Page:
The social and political life of calligraphy at the Tang courts

Xie, Chen (2020). The social and political life of calligraphy at the Tang courts. University of Birmingham. Ph.D.

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Turning away from well-established traditions of stylistic analysis and biographical studies in the existing scholarship of art history on calligraphy, this thesis combines sociological, political and anthropological perspectives to examine the seldom mentioned social and political uses of calligraphy at the Tang courts. It focuses on five groups of calligraphic objects and the interpersonal relationships on which these objects functioned. I demonstrate that the meaning of a calligraphic work was not abstract; it was not intrinsically a work of art, but rather its significance emerged out of the concrete relationships between objects bearing calligraphy and the people who produced, received, and commented on these objects. It is the pervasive and multiple uses of calligraphy and its close alignment to the broader political, cultural, and religious contexts that contributed to calligraphy’s high position within the Chinese cultural matrix. Calligraphic interaction provides a lens zooming in on the relationship between Tang emperors and other court members, revealing the nature of court society as a network of interdependencies. As a means of self-presentation and a vehicle for social interaction, calligraphy facilitated court members’ various agendas and united individuals of various strata across court society. In addition, to enrich the understanding of Tang court society and the mechanism of rulership, the focus of some of my inquiries, as well as the notions of what constitutes ‘art works’ and ‘artists’, as employed in this thesis may also contribute to the diversity of art history, a subject that has been largely based on models and theories designed to explain western art.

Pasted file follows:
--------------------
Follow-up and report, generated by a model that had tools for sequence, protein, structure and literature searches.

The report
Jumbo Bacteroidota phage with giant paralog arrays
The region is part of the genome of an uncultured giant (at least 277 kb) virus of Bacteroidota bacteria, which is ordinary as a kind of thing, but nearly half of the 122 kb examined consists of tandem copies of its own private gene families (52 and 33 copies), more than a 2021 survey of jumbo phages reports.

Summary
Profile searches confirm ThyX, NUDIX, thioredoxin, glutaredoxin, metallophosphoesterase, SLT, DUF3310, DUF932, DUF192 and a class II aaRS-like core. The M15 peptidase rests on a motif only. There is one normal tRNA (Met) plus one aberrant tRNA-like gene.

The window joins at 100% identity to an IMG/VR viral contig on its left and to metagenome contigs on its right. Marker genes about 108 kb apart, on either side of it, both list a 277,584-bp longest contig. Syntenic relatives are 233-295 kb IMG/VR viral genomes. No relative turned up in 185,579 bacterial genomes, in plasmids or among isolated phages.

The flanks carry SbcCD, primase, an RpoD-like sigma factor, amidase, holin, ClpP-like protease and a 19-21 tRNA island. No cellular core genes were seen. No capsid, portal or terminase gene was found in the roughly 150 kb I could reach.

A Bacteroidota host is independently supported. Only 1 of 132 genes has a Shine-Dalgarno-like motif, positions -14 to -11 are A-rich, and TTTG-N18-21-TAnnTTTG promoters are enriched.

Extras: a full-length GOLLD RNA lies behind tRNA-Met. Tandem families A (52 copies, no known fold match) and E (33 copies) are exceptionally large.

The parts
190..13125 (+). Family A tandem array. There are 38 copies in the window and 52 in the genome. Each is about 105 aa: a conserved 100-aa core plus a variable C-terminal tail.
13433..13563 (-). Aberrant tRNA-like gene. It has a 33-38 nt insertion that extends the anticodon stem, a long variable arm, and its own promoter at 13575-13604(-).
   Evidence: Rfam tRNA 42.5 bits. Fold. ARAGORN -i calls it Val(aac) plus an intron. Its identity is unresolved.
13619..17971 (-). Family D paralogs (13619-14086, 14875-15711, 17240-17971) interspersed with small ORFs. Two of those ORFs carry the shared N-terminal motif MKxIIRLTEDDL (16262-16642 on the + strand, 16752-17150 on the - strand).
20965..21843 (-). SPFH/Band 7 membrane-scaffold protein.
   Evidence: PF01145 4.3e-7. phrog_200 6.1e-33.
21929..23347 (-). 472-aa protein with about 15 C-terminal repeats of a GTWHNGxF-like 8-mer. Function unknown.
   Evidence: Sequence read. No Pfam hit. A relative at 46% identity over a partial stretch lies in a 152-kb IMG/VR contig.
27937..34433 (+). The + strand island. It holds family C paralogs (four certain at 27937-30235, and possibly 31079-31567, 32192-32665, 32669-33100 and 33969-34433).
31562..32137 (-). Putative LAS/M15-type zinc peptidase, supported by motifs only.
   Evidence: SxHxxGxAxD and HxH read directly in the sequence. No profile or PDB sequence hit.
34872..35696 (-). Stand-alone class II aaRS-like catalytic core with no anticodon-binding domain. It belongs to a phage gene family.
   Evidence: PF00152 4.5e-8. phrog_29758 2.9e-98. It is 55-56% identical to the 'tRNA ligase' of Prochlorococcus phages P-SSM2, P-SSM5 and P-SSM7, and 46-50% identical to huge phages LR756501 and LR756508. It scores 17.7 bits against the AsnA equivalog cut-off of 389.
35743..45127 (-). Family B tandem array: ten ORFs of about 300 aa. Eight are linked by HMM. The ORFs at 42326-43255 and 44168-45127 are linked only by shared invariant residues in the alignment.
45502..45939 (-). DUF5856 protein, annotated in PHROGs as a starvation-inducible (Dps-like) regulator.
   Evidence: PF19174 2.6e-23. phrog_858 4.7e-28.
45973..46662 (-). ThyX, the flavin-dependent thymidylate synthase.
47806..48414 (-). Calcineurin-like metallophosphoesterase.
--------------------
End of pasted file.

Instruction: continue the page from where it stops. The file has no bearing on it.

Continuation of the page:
Type of Work: Thesis (Doctorates > Ph.D.)
Award Type: Doctorates > Ph.D.
Licence: All rights reserved
College/Faculty: Colleges (2008 onwards) > College of Arts & Law
School or Department: School of History and Cultures, Department of Classics, Ancient History and Archaeology (CAHA)
Funders: Other
Other Funders: China Scholarship Council, Li Siguang scholarship
Subjects: A General Works > AM Museums (General). Collectors and collecting (General)
D History General and Old World > DS Asia


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